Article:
What I learned about our profession while creating a Tech Comm Jeopardy game

December 12, 2008

Whew! Long title for this post. 

Alternative (but not necessarily shorter) titles I considered:
“What is the question to which Technical Communication is the answer?”
“There are no facts in this field” 
“Technical communication is an art, not a science” 

jeopardy1Here’s the back story:
For the last three years I’ve volunteered to organize our Atlanta STC chapter holiday party. 
I like to plan a couple of games to make it fun and to prevent it from degenerating into a pure drinking activity. (I can hear some of you saying “What’s wrong with that?” but I’m ignoring you.)

Last year I created a simple Jeopardy game around the theme of Atlanta since that’s where we are and that’s where the STC Summit will be this year. I don’t know Flash, so I did a down and dirty, yet still electronic game using Word. (More on that later.) Using Wikipedia and my husband’s encyclopedic knowledge of the city, it was easy to create categories and questions (or in the case of Jeopardy — answers). 

This year, I announced we’d have a “Tech Comm Jeopardy” game at the party. I quickly amended that to an “Atlanta/Tech Comm”  theme, because I couldn’t come up with enough solid FACTS about our profession to populate an entire game. Sure, you can come up with “insider” questions about personalities in the field and software trivia. But name one universal truth in our profession that can be summed up in the Jeopardy format. 

“Know your audience.” Yeah, OK. But what is the answer to which “Know your audience” is the question? You see where I’m going with this? There aren’t even, to my knowledge, “schools of thought” in our profession that can be referenced such as “Maslow’s hierarchy of needs” or “Garner’s Multiple Intelligences.” The best I could do in the theoretical realm was a question/answer on “information mapping” for Pete’s sake. Did I just use “theoretical” and “information mapping” in the same sentence?

I challenge you, my readers, to tell me what are the Truths (and here I capitalize intentionally despite my disparaging remarks on this subject in the last post) of our profession? There are many word of wisdom out there, but can they be distilled down to a Jeopardy question? I say NO. 

Should we be concerned about this? 

PS.

If anyone is interested in how I created the Jeopardy game in Word, let me know and I’ll send you the file. I just created a table and then layered shapes on top of each cell with the “answer” and the dollar value.  

As it turned out, I was unable to attend the holiday party this year. I’m dying to hear if the handful of Truths that I inserted into the game were acknowledged or widely debated and bashed. The party should be breaking up just about now. So if anyone sees nerdy people fighting in the streets near Holcomb Bridge Road, tell them to sober up, go home, and read my blog.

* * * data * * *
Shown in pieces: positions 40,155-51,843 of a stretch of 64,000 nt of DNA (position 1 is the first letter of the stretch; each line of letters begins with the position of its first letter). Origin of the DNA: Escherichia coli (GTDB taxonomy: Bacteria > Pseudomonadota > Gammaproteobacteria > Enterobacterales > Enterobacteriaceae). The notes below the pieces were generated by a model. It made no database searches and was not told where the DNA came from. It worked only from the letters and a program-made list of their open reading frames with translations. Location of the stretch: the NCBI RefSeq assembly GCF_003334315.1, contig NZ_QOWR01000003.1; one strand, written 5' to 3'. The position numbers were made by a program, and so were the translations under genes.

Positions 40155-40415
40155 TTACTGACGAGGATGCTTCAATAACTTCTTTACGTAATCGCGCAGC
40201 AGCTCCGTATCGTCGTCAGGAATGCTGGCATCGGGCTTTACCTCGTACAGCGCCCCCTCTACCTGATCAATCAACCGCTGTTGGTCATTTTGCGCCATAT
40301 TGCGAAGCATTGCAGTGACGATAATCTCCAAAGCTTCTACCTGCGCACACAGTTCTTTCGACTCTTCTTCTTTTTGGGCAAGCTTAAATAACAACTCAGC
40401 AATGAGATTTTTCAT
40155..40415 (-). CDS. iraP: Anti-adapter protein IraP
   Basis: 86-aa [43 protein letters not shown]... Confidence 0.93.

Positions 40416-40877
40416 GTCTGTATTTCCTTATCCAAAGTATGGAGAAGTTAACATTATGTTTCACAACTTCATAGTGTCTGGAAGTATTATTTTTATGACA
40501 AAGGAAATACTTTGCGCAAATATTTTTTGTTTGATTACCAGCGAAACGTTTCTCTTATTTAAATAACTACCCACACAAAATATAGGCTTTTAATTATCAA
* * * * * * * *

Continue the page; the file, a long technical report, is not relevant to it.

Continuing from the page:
The well-dressed technical writer

December 3, 2008

Appropriate attire for the IT holiday luncheon.
(remember to add shoes before leaving the cubicle or office)

Only get to wear these once a year.

Only get to wear these once a year.


Uppercase this!

November 20, 2008

One thing that irks me about some subject matter experts is that they love to capitalize words that are near and dear to their hearts.

Accountants explain that Vendors must include a Purchase Order number on the package or the Invoice will not be paid.

Energy industry professionals tell us that Natural Gas and Crude Oil are important fuels.

Lawyers put it over the top by including terms in quotation marks and parentheses:
Our Company (“Company”) will lobby Members of Congress (“Members”) this month.

Bill Walsh wrote cleverly about this annoying problem of arbitrary capitalization.


Becoming better designers

November 14, 2008

Recently a coworker asked me to help him fix a complex Word document containing important information for our company’s operations.

“Whenever we try to update this document, the numbering sequence goes out of whack,” he said. “Can you help? Also, it doesn’t look as good as the stuff your group produces, so anything you can do to improve it would be great. “

I agreed to help out and before I could say, “white space,” was plunged into the fourth dimension of tech comm — document design.
grid
Document design is probably the least discussed area of technical communication, yet it’s the one where most of us require the most assistance.

Early technical writers didn’t have this problem. They wrote their copy on a typewriter and turned it over to a typesetter.

With the advent of desktop computing, typesetting and document design was transferred to the technical writer — ready or not!

Of course, technical communicators at large companies have the advantage of a design department that sets the standards, ensures proper branding, and may even provide assistance template design. But lone writers and those of us in small or dispersed groups must tackle design on our own.

Therein lies the problem. Most of us who stumbled into this profession are either writers who enjoy technology or technology people who enjoy writing. But we are not designers. Information design (a fancy name for technical communication) does not equal document design.

We can deftly chunk information; put it in the proper order; quickly distinguish between reference info and procedural tasks; apply minimalism in our narrative; and index thoroughly and thoughtfully. But if we neglect our fonts, styles, alignment, format, illustrations, headers, footers, and callouts, our audience struggles to absorb the content.

Every technical writer I’ve met is an autodidact when it comes to document design, but we manage to pull it off because our managers and many of our customers know less about design than we do. This means that even a meager attempt to employ basic design principles results in a WAY better document than most people can muster.